Prokofiev’s Cello Sonata in C Major: Triumph Over Censorship

In the years following the Second World War, Stalin’s “propagandist-in-chief,” Andrei Zhdanov, drafted a series of resolutions that were designed to censor Soviet art, literature, film, and music. All art had to adhere to the ideals of Soviet “socialist realism.” The Zhdanov Doctrine proclaimed that “The only conflict that is possible in Soviet culture is the conflict between good and best.” First, Zhdanov banned the works of Anna Akhmatova, arguably Russia’s greatest living …

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Stravinsky’s “Mavra”: A Neoclassical Comic Opera in One Act

Igor Stravinsky’s one act comic opera, Mavra, is delightfully intimate, colorful, and whimsical. Unfolding in a mere 30 minutes, the opera features two arias, a duet, and a quartet, performed by a cast of four characters. Based on Alexander Pushkin’s poem, The Little House in Kolomna, it has been described as a “satire of petit-bourgeois manners.” The libretto was written by Boris Kochno, a young assistant to the dance impresario, Serge Diaghilev. Set in …

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Prokofiev’s “Summer Night” Suite: Music from “Betrothal in a Monastery”

Sergei Prokofiev’s 1946 comic opera, Betrothal in a Monastery, involves trickery, bribery, disguises, an averted arranged marriage, and (in the final act) monks engaged in alcoholic revelry. A twentieth century homage to Italian opera buffa, it is far removed from the cultural and political landscape of Stalin’s Soviet Union. In 1950, Prokofiev used music from the opera as the basis for the five movement orchestral suite, Summer Night, Op. 123. The boisterous, larger-than-life music which …

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Ingram Marshall’s “Fog Tropes”: A Haunting Soundscape

The American composer, Ingram Marshall, passed away on May 31 due to complications from Parkinson’s disease. He was 80. Blending elements of minimalism and electronic music, Marshall revealed magical new soundscapes. Disparate influences emerge throughout his music which include the Javanese gamelan, Balinese bamboo flute, and references to the works of J.S. Bach, Beethoven, Sibelius, and Stravinsky, among others. As a composer, Marshall was in search of what he called “the dark and the beautiful …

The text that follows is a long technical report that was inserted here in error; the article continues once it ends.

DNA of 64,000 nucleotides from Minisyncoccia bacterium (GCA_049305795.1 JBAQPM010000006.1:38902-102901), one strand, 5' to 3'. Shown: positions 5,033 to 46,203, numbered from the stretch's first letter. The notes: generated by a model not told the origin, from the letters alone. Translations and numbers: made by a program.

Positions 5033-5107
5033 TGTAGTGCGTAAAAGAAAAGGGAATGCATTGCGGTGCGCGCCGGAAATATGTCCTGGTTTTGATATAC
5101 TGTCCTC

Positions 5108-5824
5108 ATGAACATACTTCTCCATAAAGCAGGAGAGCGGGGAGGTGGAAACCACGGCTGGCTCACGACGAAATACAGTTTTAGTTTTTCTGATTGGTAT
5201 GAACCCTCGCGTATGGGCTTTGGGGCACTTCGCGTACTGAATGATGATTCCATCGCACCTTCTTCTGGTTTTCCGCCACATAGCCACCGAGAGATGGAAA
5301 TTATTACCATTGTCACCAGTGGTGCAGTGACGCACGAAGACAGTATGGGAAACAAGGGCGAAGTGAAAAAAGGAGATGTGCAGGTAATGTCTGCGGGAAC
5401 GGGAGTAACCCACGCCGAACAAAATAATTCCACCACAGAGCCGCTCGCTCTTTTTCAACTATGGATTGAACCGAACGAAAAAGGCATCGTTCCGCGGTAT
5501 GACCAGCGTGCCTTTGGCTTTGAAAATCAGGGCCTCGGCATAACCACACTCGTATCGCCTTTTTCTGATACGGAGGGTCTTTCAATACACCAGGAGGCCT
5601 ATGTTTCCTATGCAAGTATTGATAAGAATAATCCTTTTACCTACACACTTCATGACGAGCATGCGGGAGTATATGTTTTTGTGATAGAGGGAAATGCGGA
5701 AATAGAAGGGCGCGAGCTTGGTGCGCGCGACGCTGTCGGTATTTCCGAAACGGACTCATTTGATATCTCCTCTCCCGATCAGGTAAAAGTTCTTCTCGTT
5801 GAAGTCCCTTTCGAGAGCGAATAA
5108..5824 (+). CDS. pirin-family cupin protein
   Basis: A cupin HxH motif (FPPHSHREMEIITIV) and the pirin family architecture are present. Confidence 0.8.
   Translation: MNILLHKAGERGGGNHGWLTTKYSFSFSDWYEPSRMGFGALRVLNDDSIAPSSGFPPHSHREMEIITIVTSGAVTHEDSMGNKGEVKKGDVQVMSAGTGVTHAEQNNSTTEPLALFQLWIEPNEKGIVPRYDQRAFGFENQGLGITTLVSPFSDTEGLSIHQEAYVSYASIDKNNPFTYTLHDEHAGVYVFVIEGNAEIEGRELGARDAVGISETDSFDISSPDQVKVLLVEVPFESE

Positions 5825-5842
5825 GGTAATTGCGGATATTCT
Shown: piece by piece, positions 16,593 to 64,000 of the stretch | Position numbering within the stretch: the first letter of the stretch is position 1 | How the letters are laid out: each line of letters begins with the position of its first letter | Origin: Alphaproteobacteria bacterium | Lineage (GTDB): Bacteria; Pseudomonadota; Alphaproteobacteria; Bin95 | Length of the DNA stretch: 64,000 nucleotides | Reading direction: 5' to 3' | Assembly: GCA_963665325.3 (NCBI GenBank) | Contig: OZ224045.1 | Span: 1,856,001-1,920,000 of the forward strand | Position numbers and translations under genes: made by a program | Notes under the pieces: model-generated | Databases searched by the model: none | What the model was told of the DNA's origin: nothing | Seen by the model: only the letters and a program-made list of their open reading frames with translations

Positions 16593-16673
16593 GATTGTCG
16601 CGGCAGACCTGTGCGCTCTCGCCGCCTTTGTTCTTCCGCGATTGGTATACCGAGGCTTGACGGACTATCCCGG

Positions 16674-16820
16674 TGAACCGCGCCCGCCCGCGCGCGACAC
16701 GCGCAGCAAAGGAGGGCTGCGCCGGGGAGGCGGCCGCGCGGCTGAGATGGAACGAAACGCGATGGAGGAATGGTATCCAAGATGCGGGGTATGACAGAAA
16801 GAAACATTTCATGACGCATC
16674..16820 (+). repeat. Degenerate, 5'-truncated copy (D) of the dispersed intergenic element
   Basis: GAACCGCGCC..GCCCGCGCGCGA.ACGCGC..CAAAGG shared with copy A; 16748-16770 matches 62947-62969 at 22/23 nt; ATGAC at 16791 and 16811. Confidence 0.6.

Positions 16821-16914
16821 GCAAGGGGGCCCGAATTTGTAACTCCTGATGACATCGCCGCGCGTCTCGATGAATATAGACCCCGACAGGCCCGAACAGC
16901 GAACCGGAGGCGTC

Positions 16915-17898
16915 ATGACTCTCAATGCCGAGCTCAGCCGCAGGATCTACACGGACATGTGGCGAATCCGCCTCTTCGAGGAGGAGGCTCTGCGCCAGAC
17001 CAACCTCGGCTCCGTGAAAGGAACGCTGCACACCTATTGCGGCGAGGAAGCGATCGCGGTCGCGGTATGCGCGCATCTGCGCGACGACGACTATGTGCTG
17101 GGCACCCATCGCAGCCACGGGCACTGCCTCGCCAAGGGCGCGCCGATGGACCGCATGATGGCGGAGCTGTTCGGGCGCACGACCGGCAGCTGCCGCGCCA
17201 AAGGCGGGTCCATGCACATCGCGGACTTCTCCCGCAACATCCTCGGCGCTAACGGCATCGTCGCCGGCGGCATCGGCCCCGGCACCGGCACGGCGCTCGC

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Copland’s “The Red Pony” Suite: Film Music of the American Frontier

Aaron Copland was the quintessential city dweller. Born in 1900 to Lithuanian-Jewish parents, Copland grew up amid the brownstones of Brooklyn, New York. At the age of 21, he set sail for Paris to study with the legendary composition teacher, Nadia Boulanger. Returning to the United States four years later, Copland settled in a studio apartment on Manhattan’s Upper West Side. Although his maternal grandfather had lived on the Illinois prairie in …

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Barber’s “Prayers of Kierkegaard”: A Meditation on Redemption

Samuel Barber’s Prayers of Kierkegaard is a single movement cantata based on texts by the Danish theologian, philosopher, and poet, Søren Kierkegaard (1813-1855). Completed in 1954, in response to a commission from the Koussevitzky Music Foundation, it is scored for chorus, large orchestra, soprano solo, and incidental tenor and alto solos. The piece unfolds in four sections, beginning with a mystical allusion to medieval Gregorian chant. The words evoke the suffering and redemption of Christ …

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Augustin Hadelich Plays Ysaÿe: Sonata No. 3 in D Minor, “Ballade”

When performing, the great Belgian violinist, Eugène Ysaÿe (1858-1931), strove for “emotion, poetry, heart.” Called “the king of the violin,” Ysaÿe’s brilliant technique set a new standard. The conductor, Sir Henry Wood, described his tone as “ravishingly beautiful,” and noted that Ysaÿe “seemed to get more colour out of a violin than any of his contemporaries.” Among the over 200 works written for Ysaÿe are Ernest Chausson’s Poème and César Franck’s Violin Sonata in A Major, …

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